Report: Gut flora difficult to restore post-antibiotics
ANN ARBOR, Mich. Infection and Immunity, suggesting that those consumers taking a probiotic in conjunction with antibiotic therapy may need to continue with a probiotic supplement for some time following the course of antibiotics.—Patients on a course of antibiotics may have disrupted gut flora for weeks after stopping the medication, according to a report in the June issue of
In studies in mice, University of Michigan scientists determined that two different types of antibiotics can cause moderate- to wide-ranging changes in the ranks of beneficial bacteria. In the case of one of the antibiotics, good bacteria did not recover its former diversity even many weeks after a course of antibiotics was over.
The study results suggested that unless medical research discovers how to protect or revitalize the gut microbial community, “we may be doing long-term damage,” said Vincent Young, assistant professor in the departments of internal medicine and microbiology and immunology at the University of Michigan Medical School, and senior author of the study. “Both antibiotic treatments caused significant changes in the gut microbial community. However, in mice given cefoperazone, there was no recovery of normal diversity. In other mice given an amoxicillin-containing combination, the microbiota largely recovered, but not completely,” Young said.
Although cefoperazone is not commonly used in the United States, such related drugs as cefoxitin are, Young said. The study findings suggested that it is very important to use antibiotics only when indicated, especially in people with health problems that might already compromise their gut microbe health. Multiple rounds of antibiotics also may deserve concern.
The findings could eventually lead to better choices of antibiotics to minimize side effects of diarrhea, especially in vulnerable patients. They could also aid in understanding and treating inflammatory bowel disease, which affects an estimated 500,000 to 1 million people, and Clostridium difficile, a growing and serious infection problem for hospitals.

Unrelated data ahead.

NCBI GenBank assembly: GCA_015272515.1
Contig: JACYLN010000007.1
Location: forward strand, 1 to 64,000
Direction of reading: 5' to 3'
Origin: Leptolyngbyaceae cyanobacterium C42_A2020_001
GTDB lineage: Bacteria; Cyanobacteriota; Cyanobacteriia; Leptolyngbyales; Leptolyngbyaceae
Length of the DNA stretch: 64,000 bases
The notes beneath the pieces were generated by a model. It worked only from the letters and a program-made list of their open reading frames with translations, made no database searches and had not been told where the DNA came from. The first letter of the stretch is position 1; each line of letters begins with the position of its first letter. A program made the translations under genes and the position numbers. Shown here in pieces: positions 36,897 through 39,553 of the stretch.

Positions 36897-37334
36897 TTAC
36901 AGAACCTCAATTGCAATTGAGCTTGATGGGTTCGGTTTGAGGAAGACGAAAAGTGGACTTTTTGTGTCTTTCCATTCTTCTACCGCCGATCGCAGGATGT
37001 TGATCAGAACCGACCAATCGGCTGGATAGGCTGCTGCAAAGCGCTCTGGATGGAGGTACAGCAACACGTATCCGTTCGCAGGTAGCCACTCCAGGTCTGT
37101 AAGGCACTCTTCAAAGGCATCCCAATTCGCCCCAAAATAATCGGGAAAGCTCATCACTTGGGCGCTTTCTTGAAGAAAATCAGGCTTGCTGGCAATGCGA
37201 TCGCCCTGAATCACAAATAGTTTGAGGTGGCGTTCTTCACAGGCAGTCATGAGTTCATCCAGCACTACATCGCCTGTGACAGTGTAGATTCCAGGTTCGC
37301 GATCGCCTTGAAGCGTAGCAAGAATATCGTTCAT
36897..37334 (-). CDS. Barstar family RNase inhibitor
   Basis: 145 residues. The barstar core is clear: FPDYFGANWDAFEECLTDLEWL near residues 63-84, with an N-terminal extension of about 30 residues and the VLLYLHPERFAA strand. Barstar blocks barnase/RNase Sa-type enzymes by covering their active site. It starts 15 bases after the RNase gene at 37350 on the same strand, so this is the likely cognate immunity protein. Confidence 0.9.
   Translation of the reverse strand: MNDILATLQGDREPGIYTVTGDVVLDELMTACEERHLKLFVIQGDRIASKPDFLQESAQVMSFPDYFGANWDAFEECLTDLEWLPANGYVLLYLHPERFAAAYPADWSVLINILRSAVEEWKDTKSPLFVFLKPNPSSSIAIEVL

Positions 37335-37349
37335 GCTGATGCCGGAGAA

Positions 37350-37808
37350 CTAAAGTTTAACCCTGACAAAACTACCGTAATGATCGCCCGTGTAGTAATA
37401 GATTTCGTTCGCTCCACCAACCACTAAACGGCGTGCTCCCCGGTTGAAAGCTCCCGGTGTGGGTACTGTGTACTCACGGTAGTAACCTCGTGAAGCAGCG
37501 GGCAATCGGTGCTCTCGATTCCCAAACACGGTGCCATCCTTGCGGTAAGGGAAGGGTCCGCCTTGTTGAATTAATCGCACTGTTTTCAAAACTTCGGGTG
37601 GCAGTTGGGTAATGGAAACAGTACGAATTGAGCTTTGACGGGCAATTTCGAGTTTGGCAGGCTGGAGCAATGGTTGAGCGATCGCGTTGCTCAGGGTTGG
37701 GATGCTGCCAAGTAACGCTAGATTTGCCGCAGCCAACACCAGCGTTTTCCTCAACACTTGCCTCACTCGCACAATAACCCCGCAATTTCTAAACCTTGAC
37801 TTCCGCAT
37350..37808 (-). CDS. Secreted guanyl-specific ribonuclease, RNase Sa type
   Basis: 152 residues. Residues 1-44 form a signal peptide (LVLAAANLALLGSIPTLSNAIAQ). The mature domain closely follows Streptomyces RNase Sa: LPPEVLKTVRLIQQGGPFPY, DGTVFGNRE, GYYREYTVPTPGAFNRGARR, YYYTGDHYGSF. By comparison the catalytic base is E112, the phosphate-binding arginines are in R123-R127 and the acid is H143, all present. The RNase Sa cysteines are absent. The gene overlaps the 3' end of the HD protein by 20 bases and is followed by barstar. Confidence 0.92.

No comments found
Washington, Mo., considers repealing recently passed PSE legislation
NEW YORK The objective here is closing down clandestine methamphetamine labs. The question is: Who is going to bear the cost? And the answer, ultimately, is the consumer.
It seems that one of the primary reasons behind legislation like this, which is also under consideration by the California state legislature as well as several local municipalities throughout Missouri, is cost shifting.
Indeed, one solution that would prevent the practice of “smurfing,” a practice whereby meth addicts exceed their legal purchase limits in pseudoephedrine products by buying across several nearby pharmacies, is electronic logbooking. By granting access to PSE logbooks to law enforcement in real time, law enforcement officers would not only be made aware of a “smurfer” as they were driving between pharmacies, but would also identify who that smurfer was and where they lived.
Setting up that comprehensive electronic logbooking system requires resources, however. State coffers have traditionally been tapped for that purpose, and at least in the case of California, the Consumer Healthcare Products Association has offered to help defray that cost. In the case of Missouri, more than $500,000 has already been earmarked for the implementation of an electronic logbooking system at the state level.
However, a not-as-much-talked-about cost is also borne by law enforcement, as pointed out by Franklin County Sgt. Jason Grellner in Missouri. After all, it requires additional resources to actually apprehend and prosecute those criminals, he suggested. And a system that better defines who those criminals may be, by his estimation, could cost the state as much as $350,000 per criminal per year.
Therefore, Grellner argues, it’s a fiscal responsibility to take PSE off the OTC market altogether, and require a prescription for the popular decongestant.
That, in a nutshell, is cost-shifting. Because reverse switching PSE translates into less revenue for retailers (and consequently less taxable revenue, as well) for those consumers who choose to forego PSE-provided relief, and for those who don’t, it’s a greater healthcare cost because now consumers have to schedule an appointment with their primary care practitioner and pay the co-pay for that doctor’s visit on top of the cost of the PSE product.
Regardless of how the consumer ultimately pays for the elimination of meth labs — whether through increased taxes to cover escalating law enforcement budgets or through increased personal healthcare costs — there is another argument to be made here. Switching PSE to prescription-only status may result in fewer meth labs busted, but it’s not going to do anything about those meth addicts still on the street. Necessity is the mother of invention, and for addicts, that simply means sourcing their meth from somewhere else.
No comments found